In an ideal world, you would never need to restore your Mac’s entire boot drive. That’s because it’s necessary only when something has gone terribly wrong with your Mac. Perhaps your boot drive died—it happens—and a new one has been installed. Or maybe you upgraded to a new version of macOS and now your Mac won’t start up. As long as you’ve made regular Time Machine backups, you have an excellent chance of returning your Mac to the way it was.
Let’s look at how to restore your entire startup drive: the system and library files, applications, your documents and data—everything. (To recover a single file or a handful of files, read The Simple Steps You Need to Know to Retrieve a File from Time Machine.)
First, consider your goal. If you want to restore from your Mac’s Time Machine backup to the startup drive on the same Mac, keep reading. However, if you need to restore to another Mac that you’re setting up from scratch—then you should use Setup Assistant during installation to bring over your files, apps, and other data from the Time Machine backup. We’ll focus on restoring the same Mac that was backed up.
Start Up in Recovery Mode
Make sure your backup drive is connected to the Mac and powered on. (If your backup drive is usually connected via a wireless network, it’s sufficient to have it available on the network, but if you can connect it to the Mac with USB or Thunderbolt, your restore will go more quickly.) If the Mac is a laptop, ensure that it’s plugged into power.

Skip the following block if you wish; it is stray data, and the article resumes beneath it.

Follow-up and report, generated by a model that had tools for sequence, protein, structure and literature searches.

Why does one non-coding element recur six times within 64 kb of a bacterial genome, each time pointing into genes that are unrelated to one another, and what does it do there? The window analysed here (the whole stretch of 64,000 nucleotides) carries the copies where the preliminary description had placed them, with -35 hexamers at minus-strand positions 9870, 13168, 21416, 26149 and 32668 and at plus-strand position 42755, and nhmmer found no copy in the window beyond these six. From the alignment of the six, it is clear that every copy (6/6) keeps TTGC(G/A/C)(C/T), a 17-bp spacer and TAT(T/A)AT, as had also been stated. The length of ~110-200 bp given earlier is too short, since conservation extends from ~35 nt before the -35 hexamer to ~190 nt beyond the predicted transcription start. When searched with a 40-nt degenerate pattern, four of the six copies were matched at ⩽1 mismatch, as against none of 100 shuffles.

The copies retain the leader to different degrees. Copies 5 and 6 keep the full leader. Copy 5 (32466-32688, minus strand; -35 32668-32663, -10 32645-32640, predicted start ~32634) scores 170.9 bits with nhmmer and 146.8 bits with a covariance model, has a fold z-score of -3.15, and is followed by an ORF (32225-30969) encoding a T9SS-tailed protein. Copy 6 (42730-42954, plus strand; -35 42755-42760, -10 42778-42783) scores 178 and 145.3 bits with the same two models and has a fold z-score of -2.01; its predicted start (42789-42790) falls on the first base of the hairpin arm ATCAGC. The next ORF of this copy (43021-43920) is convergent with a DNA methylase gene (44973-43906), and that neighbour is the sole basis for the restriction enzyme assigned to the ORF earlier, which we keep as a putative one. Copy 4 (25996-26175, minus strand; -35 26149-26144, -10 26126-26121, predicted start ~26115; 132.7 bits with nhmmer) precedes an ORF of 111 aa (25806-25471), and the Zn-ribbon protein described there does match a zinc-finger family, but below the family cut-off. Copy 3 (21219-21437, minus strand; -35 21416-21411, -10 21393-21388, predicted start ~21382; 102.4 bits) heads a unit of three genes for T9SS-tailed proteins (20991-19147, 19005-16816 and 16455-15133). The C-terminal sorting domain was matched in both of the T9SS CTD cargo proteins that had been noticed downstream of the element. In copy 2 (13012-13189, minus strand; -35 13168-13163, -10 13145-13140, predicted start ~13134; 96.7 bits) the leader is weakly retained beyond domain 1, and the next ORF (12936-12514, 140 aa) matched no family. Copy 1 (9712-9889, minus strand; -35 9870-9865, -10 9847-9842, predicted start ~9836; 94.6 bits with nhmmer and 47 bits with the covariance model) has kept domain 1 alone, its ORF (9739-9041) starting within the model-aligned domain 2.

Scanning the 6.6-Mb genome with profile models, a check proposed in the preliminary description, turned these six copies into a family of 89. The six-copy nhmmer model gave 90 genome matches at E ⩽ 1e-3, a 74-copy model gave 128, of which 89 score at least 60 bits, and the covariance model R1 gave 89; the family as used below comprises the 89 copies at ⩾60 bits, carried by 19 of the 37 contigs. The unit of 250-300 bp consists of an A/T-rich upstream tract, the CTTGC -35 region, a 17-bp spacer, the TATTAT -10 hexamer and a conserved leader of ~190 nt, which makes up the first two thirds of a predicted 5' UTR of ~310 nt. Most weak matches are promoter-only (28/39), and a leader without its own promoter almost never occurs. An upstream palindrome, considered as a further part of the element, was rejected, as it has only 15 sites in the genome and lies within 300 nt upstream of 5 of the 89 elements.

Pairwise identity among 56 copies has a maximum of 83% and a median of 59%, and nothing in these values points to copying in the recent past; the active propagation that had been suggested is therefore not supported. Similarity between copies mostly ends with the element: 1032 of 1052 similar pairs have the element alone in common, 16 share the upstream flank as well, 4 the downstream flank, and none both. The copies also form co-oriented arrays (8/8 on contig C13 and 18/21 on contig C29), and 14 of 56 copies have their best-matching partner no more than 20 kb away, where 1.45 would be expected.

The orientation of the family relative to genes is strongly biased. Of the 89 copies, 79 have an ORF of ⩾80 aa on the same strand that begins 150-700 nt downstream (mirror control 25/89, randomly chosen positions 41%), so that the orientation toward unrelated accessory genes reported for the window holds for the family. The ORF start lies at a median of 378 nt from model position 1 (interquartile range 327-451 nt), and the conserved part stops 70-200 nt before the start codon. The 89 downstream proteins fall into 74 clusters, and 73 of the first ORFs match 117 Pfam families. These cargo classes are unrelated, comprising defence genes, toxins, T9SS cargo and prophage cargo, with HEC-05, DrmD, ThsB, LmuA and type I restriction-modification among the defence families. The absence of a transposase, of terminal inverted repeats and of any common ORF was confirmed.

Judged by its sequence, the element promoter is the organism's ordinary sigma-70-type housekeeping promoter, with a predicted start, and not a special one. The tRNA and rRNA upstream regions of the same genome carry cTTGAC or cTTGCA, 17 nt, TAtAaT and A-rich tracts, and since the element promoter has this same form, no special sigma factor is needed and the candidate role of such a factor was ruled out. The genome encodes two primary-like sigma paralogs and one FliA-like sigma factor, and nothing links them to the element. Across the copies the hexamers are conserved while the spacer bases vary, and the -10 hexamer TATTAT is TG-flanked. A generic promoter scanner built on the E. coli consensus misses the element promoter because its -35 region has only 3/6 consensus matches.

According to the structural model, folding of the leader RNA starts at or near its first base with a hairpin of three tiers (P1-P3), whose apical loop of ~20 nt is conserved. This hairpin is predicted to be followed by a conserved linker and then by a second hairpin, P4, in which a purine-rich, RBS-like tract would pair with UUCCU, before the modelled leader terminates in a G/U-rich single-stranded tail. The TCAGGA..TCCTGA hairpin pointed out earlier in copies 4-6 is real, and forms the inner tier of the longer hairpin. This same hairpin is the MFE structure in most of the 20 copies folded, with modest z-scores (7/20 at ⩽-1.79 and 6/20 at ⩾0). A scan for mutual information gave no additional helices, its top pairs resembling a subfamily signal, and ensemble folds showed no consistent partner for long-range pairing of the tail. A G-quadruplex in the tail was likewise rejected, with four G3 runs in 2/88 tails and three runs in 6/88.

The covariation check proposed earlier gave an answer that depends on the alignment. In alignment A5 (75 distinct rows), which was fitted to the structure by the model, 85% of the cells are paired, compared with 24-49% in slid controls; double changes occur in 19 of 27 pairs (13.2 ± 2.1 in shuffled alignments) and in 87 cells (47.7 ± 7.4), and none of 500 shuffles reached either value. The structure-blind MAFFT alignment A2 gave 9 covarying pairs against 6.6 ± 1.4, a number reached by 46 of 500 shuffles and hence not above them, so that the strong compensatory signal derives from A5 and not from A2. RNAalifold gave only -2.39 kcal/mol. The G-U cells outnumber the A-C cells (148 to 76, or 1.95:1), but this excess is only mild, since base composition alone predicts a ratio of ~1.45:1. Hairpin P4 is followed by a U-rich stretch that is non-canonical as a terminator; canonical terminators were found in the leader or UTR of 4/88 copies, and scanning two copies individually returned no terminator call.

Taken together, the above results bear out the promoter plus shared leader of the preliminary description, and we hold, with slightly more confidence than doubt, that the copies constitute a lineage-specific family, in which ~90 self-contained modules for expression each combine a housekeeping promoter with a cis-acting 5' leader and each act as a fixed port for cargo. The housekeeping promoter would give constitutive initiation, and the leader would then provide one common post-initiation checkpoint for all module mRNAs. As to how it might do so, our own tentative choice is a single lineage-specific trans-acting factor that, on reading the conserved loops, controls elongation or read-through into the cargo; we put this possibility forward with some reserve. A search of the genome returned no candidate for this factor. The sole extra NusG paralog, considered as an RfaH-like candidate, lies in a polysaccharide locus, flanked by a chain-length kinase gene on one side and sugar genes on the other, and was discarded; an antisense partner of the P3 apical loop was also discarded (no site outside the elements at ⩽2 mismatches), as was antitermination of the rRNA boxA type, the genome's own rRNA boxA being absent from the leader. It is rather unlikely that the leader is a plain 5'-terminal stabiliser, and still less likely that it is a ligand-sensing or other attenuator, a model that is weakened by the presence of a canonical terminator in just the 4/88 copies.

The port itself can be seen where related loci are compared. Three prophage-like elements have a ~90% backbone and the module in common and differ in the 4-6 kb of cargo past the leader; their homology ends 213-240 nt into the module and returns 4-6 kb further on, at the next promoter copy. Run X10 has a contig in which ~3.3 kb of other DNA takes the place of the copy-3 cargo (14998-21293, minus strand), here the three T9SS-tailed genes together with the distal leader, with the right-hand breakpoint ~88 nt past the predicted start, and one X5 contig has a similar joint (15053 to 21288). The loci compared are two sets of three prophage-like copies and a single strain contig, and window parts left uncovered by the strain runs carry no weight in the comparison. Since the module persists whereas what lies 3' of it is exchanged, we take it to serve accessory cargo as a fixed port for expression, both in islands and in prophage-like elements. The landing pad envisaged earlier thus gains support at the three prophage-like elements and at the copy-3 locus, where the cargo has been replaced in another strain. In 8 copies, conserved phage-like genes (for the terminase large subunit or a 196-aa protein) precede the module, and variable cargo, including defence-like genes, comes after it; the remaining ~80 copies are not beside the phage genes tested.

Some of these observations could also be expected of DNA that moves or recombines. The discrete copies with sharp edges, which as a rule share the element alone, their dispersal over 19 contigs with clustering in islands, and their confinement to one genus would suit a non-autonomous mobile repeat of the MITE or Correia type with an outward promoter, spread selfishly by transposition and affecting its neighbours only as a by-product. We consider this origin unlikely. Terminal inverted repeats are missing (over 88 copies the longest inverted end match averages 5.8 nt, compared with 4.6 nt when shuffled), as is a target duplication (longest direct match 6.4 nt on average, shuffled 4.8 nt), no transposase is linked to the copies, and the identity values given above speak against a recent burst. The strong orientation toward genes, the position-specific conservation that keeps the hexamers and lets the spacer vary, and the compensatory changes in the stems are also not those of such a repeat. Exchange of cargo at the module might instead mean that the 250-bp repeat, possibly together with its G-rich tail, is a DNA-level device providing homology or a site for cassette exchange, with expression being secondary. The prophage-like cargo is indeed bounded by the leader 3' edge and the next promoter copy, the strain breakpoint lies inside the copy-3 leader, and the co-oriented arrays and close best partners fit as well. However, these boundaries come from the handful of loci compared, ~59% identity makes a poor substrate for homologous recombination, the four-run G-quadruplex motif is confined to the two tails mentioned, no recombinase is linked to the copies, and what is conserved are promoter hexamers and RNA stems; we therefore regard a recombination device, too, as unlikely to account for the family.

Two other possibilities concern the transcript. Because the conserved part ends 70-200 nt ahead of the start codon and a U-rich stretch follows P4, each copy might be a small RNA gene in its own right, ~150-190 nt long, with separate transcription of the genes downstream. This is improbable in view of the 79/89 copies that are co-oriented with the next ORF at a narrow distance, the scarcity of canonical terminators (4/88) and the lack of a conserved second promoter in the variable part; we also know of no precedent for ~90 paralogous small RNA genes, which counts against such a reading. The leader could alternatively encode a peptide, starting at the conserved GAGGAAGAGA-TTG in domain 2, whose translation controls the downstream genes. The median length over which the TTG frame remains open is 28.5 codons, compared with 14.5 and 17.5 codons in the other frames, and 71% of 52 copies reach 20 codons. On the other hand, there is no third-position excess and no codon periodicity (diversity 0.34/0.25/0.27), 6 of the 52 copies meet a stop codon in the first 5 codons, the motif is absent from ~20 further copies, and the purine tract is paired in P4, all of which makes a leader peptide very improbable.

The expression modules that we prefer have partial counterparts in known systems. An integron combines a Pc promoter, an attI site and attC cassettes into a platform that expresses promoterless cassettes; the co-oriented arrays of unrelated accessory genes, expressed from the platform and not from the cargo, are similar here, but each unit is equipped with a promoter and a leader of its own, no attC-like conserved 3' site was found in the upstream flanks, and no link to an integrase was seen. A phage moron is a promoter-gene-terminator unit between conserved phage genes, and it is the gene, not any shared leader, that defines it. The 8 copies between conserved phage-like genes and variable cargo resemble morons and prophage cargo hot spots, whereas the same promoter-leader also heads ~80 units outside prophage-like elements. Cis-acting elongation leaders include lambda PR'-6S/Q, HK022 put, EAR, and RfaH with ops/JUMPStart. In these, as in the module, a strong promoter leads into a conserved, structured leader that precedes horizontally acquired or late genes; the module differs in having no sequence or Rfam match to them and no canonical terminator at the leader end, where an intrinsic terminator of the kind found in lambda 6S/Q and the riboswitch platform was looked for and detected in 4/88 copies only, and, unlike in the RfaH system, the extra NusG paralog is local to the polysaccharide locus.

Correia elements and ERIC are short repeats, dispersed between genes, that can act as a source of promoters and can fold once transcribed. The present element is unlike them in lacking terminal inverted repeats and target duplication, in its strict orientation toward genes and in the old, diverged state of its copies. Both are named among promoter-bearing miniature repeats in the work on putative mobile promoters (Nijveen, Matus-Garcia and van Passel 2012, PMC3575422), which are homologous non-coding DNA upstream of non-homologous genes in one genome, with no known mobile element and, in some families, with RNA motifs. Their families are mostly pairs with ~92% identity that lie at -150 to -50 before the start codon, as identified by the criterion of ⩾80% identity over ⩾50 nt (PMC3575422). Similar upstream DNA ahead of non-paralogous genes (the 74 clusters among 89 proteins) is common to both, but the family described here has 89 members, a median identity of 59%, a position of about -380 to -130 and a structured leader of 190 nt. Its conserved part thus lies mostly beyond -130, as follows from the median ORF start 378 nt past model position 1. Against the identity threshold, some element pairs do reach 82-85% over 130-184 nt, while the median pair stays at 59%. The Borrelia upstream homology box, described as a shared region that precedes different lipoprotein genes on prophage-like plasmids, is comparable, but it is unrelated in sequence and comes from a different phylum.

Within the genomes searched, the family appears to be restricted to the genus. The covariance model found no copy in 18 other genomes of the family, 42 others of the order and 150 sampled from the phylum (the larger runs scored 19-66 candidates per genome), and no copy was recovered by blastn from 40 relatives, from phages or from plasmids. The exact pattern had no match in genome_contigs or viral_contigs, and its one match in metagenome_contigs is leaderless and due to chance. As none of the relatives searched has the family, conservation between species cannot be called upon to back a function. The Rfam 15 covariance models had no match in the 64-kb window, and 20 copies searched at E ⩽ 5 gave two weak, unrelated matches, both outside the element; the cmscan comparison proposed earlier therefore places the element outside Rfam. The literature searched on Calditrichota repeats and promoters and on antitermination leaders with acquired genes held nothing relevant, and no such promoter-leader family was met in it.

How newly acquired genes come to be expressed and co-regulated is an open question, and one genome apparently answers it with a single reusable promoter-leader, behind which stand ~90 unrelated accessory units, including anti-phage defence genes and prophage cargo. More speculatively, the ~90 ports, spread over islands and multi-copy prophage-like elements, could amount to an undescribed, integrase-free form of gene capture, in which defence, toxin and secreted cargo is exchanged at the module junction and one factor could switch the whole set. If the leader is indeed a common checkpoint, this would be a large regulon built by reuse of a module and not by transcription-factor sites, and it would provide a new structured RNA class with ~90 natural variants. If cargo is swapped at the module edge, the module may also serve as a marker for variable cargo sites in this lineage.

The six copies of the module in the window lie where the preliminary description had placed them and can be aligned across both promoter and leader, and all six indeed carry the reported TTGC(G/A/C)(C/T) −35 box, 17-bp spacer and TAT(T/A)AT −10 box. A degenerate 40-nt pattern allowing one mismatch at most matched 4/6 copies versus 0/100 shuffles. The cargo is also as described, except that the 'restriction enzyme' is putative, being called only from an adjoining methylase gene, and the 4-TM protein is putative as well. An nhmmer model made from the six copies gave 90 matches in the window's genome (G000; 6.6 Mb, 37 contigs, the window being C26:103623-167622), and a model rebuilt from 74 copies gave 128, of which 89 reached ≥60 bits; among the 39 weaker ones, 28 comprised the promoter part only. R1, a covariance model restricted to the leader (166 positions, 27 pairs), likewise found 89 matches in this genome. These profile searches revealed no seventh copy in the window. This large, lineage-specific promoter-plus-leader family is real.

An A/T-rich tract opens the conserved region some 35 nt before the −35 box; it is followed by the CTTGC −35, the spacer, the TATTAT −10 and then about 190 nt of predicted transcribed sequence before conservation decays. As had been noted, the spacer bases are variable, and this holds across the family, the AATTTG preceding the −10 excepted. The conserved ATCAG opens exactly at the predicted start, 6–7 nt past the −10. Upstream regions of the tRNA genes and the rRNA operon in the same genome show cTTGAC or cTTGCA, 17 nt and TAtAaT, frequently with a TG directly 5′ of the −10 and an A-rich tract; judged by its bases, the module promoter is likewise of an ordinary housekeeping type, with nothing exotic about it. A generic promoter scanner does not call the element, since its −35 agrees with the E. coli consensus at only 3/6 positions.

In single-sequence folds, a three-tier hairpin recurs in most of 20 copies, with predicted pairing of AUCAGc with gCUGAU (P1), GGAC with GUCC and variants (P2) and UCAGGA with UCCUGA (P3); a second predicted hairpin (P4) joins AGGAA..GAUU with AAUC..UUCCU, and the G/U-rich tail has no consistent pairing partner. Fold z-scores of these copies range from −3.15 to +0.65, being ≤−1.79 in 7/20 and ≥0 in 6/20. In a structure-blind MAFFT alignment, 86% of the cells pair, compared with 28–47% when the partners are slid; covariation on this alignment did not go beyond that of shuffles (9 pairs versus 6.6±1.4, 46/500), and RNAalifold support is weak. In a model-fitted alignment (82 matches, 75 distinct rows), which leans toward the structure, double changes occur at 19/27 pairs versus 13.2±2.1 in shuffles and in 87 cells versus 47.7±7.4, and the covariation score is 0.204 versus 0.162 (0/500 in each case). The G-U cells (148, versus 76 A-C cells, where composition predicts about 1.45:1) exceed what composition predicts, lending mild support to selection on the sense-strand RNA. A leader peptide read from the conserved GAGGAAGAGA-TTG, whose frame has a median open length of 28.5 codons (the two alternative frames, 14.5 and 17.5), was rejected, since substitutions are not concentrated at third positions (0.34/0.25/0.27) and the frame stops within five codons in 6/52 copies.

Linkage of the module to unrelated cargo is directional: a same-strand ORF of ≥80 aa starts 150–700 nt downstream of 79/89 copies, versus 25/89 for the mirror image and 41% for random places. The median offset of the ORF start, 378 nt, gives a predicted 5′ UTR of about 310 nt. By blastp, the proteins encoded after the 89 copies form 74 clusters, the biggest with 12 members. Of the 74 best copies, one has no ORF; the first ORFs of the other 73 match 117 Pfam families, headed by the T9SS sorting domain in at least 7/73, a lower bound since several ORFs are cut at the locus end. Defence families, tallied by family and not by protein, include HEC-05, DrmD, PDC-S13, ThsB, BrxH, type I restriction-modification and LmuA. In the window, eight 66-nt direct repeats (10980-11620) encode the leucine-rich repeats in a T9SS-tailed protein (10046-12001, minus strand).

Next, start up the Mac in Recovery mode. Right as the Mac begins booting, press and hold Command-R until the Apple logo or a spinning globe appears. When the startup is complete, you’ll see a macOS Utilities window.
Configure the Restore
Follow these steps to set up your restore:
- Select Restore From Time Machine Backup, and click the Continue button.
- On the Restore From Time Machine screen, notice the text saying that the drive you restore onto will be erased. This is true—the entire volume will be erased and your Time Machine backup will be copied to it. If you are absolutely certain this is what you want do, click Continue.
- On the Select a Restore Source screen, select the drive that holds your Time Machine backups and click Continue. (If you’ve selected a drive that’s available through a network connection, click Connect and follow the prompts.)
- If you’re restoring from an encrypted Time Machine backup, enter the password and click Continue.
- On the Select a Backup screen, select the backup to restore. (If your Time Machine disk contains backups from more than one volume, first choose the desired volume from the Restore From pop-up menu.) The backup you want to restore is probably either the most recent backup or the one from just before you began experiencing problems. Click Continue.
- On the Select a Destination screen, select your Mac’s startup drive. Click Restore, and then click Erase Disk.
The Time Machine restoration process first erases the selected disk and then starts copying the Time Machine backup to it.
Monitor the Restoring Screen
A Restoring screen appears. You can keep an eye on this screen to monitor the restoration, which may take several hours or even overnight. The Time Remaining calculation on this screen often isn’t accurate, so don’t panic if progress is slower than predicted. Your Mac will restart automatically when Time Machine finishes restoring the backup. When you sign in to your account, you may have to go through a few setup screens, such a screen for signing in to your iCloud account or setting up Touch ID on a MacBook Pro.
Once the restore finishes and you follow the instructions to restart your Mac, you should be back where you were before the problem occurred.